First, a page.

Third, measures to
safeguard democracy in schools and promote constant dialogue inside the
classrooms and with the school administration and the enlarged school
measures to ensure gender mainstreaming as well as the implementation of
equality and non-discrimination principles in the whole educational system,
taking special measures to tackle discrimination against child immigrants,
refugees or members of minorities.
measures to prevent and tackle violence at schools and bullying with particular
stress on information, communication, facilitation and counselling, involving
specialised professionals and children as mediators.
measures to provide support and assistance to teachers helping to handle cases
of children victimised or neglected at home.
measures to link schools with local social and health services and promote the
appropriate referrals, so that adequate support is provided to all pupils that
are in need of it.
measures to enhance co-operation between schools, public services and non
governmental organisations which work for the protection of children’s rights.
finally, measures to integrate children who, for various reasons, do not participate
in formal education.
The Council of Europe is already producing
child friendly and pedagogical material on children’s rights. We are also
working on a teachers’ training methodology to prevent violence in schools. Material on democratic school governance, on quality assurance, on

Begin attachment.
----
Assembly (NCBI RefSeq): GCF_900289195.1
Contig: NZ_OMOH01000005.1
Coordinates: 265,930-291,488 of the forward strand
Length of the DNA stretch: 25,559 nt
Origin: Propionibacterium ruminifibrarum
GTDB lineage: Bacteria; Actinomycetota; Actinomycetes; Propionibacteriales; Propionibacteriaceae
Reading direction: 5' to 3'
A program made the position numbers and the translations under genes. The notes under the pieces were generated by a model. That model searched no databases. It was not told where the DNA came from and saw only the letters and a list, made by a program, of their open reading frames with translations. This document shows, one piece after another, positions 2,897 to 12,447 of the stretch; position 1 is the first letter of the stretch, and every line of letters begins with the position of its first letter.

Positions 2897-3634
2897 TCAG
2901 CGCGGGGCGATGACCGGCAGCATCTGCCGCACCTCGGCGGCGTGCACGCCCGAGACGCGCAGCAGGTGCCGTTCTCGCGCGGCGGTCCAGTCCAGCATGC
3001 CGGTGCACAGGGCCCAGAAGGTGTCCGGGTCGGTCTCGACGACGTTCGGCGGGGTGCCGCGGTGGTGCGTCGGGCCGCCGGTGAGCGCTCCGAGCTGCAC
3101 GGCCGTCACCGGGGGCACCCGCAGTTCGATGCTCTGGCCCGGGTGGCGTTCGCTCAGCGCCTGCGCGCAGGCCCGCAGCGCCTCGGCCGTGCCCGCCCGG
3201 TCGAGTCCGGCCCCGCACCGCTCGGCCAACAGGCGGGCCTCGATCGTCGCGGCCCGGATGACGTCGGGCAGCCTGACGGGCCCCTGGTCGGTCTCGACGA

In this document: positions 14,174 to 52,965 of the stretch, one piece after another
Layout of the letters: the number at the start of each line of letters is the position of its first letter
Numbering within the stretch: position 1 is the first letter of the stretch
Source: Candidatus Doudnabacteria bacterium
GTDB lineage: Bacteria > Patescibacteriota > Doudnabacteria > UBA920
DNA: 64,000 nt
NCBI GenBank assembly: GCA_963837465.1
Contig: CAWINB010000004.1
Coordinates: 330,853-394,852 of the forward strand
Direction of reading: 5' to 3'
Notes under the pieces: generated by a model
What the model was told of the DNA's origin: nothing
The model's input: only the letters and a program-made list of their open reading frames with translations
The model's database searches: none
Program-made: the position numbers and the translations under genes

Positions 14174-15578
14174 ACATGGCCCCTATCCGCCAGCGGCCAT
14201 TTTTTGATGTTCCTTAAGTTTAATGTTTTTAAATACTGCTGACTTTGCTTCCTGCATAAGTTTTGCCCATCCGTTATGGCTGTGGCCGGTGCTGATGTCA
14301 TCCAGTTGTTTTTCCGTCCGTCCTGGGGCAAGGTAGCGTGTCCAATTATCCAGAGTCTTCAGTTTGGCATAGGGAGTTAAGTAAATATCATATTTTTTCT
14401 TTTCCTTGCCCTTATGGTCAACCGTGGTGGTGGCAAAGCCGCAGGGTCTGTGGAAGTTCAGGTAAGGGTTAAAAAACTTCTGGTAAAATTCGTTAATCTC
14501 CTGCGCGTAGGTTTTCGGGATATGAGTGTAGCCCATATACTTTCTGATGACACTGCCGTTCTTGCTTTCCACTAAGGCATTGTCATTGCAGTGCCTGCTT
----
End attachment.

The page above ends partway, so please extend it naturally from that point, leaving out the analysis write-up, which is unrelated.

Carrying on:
intercultural education, including its religious dimension have also
been produced. These resources would greatly benefit from your political
support and could help teachers and students in the classrooms throughout your
Ladies and Gentlemen,
School is a powerful tool
against social inequality. Through partnerships with parents, industry and
civil society, we can
vicious circle of social exclusion.
This Conference is an
opportunity to make progress, by focusing on specific policy measures aimed at:
difference and quality learning for all young people,
democratic governance of schools and full consideration of children’s rights in
every aspect of school organisation;
partnerships between schools and key stakeholders in society at large;
that children who never go to school, or who drop out for some reason are not
lost, and finally;
ensuring that teachers and school leaders are supported in their
challenging roles in educating our young European citizens.
Council of Europe’s education policies are vital tools in defending and
promoting human rights, democracy and the rule of law.
approach is based on our commitment to provide high-quality education to all.
This includes teaching about active and democratic citizenship and
intercultural skills, including language skills, needed to live in harmony with
quality education to all makes better sense if a lifelong perspective is added
to it. Education and learning cannot stop at a certain moment of time. Building
knowledge, skills and values are processes, they have no real end. You learn
diversity, but you also have to live diversity. Livelong learning is a key to
an active citizenship and an essential tool to build and consolidate a more
humane and inclusive
rights in an educational perspective”, “Inclusive education
policies for social cohesion in a multicultural
“Lifelong learning for social inclusion” lay out the three main fields of
action, which coincide with the work on education under way at the Council of
The Third Summit of the Council
of Europe Heads of State and Government has given us an important and ambitious
mandate. I believe that this Conference will provide a good opportunity to
make progress. Education is the key – because a humane and inclusive Europe
starts with a humane and inclusive school.